To the Wonder

Composed By: Hanan Townshend

Distributed by: Lakeshore Records

Reviewed by Melissa Minners


                In the romantic drama To the Wonder, Ben Affleck stars as Neil, a man who meets and falls in love with Ukrainian divorcée and single mother Marina (Olga Kurylenko) in Paris, France.  Deciding on making a life together, Neil takes Marina and her daughter back home with him to Oklahoma.  Unfortunately, their love begins to wane and Marina's daughter begins to become homesick.  She returns to France as soon as her visa expires.  While alone in Oklahoma, Neil reconnects with old flame Jane (Rachel McAdams).  Will he find new love with Jane, or will Neil realize what he has lost in Marina?

                The musical score of To the Wonder was created by New Zealand composer Hanan Townshend, whose love of music began with piano lessons at the age of six.  As a young adult, he began writing and performing music in bands before pursuing a degree in composition and music studies, finding the relationship between music and visual art fascinating.  He began composing for short films and documentaries.  To the Wonder represents Townshend's first musical score for a full feature film.

                I listened to the To the Wonder Soundtrack before I learned what the film was about.  I immediately thought that the orchestral themes of the film represented a movie that was a period piece.  Boy, was I ever wrong.  The music is all about love in all of its forms.  According to Townshend, "We spent some time experimenting with different musical ideas capturing this flurry-of-love, not just the type of love that can exist between two people, but also a deeper, spiritual love. The result was a piece called ‘Awareness’, which is a representation of just this.”  Awareness is a cacophony of musical sound that becomes louder and clearer as the main characters' love becomes more defined.  I liked this track and felt the title to be quite appropriate.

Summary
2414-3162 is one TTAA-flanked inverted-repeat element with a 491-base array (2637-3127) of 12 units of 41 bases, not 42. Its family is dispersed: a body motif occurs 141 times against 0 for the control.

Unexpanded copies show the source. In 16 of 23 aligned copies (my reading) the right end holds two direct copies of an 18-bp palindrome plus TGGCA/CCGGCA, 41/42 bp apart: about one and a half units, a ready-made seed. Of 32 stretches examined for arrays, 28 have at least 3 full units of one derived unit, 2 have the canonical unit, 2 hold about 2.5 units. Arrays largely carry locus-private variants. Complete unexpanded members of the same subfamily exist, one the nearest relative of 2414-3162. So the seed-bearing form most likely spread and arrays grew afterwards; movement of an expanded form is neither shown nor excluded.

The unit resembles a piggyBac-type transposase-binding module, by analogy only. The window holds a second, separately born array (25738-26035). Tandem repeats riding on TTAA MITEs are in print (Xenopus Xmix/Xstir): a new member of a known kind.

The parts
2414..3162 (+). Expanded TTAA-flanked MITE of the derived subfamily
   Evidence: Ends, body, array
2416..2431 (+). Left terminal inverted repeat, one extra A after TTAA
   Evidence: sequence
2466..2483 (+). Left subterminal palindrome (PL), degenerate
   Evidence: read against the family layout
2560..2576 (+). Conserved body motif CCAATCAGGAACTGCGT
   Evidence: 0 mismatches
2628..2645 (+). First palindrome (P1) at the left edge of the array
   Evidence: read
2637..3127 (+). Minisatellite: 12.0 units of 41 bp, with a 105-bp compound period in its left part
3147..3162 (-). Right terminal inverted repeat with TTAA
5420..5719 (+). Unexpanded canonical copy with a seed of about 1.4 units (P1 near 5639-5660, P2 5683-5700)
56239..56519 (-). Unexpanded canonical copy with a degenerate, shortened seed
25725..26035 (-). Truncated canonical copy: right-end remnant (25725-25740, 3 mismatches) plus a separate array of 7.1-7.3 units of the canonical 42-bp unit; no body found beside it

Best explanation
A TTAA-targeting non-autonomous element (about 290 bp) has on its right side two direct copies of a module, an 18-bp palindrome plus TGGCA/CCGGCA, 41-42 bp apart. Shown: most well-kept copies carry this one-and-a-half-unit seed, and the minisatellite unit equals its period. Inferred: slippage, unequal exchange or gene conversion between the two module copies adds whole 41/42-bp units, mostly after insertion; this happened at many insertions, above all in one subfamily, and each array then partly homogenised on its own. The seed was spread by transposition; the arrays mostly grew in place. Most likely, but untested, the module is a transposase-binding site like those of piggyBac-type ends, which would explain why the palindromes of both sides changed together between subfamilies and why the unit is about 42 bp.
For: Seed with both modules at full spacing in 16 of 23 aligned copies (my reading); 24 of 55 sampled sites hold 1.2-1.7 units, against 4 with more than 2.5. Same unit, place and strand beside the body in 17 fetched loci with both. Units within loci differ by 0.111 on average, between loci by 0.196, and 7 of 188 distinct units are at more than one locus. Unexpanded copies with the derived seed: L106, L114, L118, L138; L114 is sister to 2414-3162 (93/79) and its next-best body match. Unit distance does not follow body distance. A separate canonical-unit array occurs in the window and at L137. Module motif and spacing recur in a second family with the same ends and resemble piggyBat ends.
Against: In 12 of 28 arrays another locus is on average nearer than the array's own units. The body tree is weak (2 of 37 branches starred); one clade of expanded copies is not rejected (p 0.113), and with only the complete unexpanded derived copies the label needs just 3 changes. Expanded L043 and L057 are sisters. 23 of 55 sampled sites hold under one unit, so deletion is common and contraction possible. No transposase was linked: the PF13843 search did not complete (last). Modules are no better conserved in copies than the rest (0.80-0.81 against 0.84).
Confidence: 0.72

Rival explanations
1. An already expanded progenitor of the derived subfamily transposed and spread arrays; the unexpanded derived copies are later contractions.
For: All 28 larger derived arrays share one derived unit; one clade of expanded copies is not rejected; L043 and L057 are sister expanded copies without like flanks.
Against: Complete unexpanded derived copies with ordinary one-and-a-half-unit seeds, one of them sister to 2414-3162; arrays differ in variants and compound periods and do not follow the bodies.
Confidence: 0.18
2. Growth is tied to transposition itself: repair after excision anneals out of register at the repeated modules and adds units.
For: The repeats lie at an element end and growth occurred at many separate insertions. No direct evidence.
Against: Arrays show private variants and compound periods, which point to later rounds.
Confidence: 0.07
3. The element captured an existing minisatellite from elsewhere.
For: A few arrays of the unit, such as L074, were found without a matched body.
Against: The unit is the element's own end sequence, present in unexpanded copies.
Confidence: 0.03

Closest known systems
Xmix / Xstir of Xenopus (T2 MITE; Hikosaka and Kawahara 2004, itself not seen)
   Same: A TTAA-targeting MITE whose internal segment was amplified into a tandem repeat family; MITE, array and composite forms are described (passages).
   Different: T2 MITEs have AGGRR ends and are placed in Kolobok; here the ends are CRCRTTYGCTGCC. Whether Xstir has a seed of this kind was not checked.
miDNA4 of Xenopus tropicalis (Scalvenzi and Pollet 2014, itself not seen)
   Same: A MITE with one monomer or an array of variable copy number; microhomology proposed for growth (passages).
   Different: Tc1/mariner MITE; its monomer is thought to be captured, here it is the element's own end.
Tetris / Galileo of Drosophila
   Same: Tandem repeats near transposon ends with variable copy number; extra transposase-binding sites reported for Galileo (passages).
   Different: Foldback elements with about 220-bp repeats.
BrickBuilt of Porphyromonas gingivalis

However, it was tracks like Peril which, at seven minutes in length, felt unnecessarily long and drawn out.  Parcival was another track that seemed to be out of whack, featuring a number of movements seemingly pieced together to create a single track.

                In my opinion, the tracks containing Marina's Theme as well as those containing the elements of Awareness are the best on the album.  The rest are not all that interesting and cause the soundtrack to drag and the listener to become disinterested.  The soundtrack as a whole may work well with the visuals of the movie, but as a stand alone album, I'm not sure the price tag is worth the purchase.


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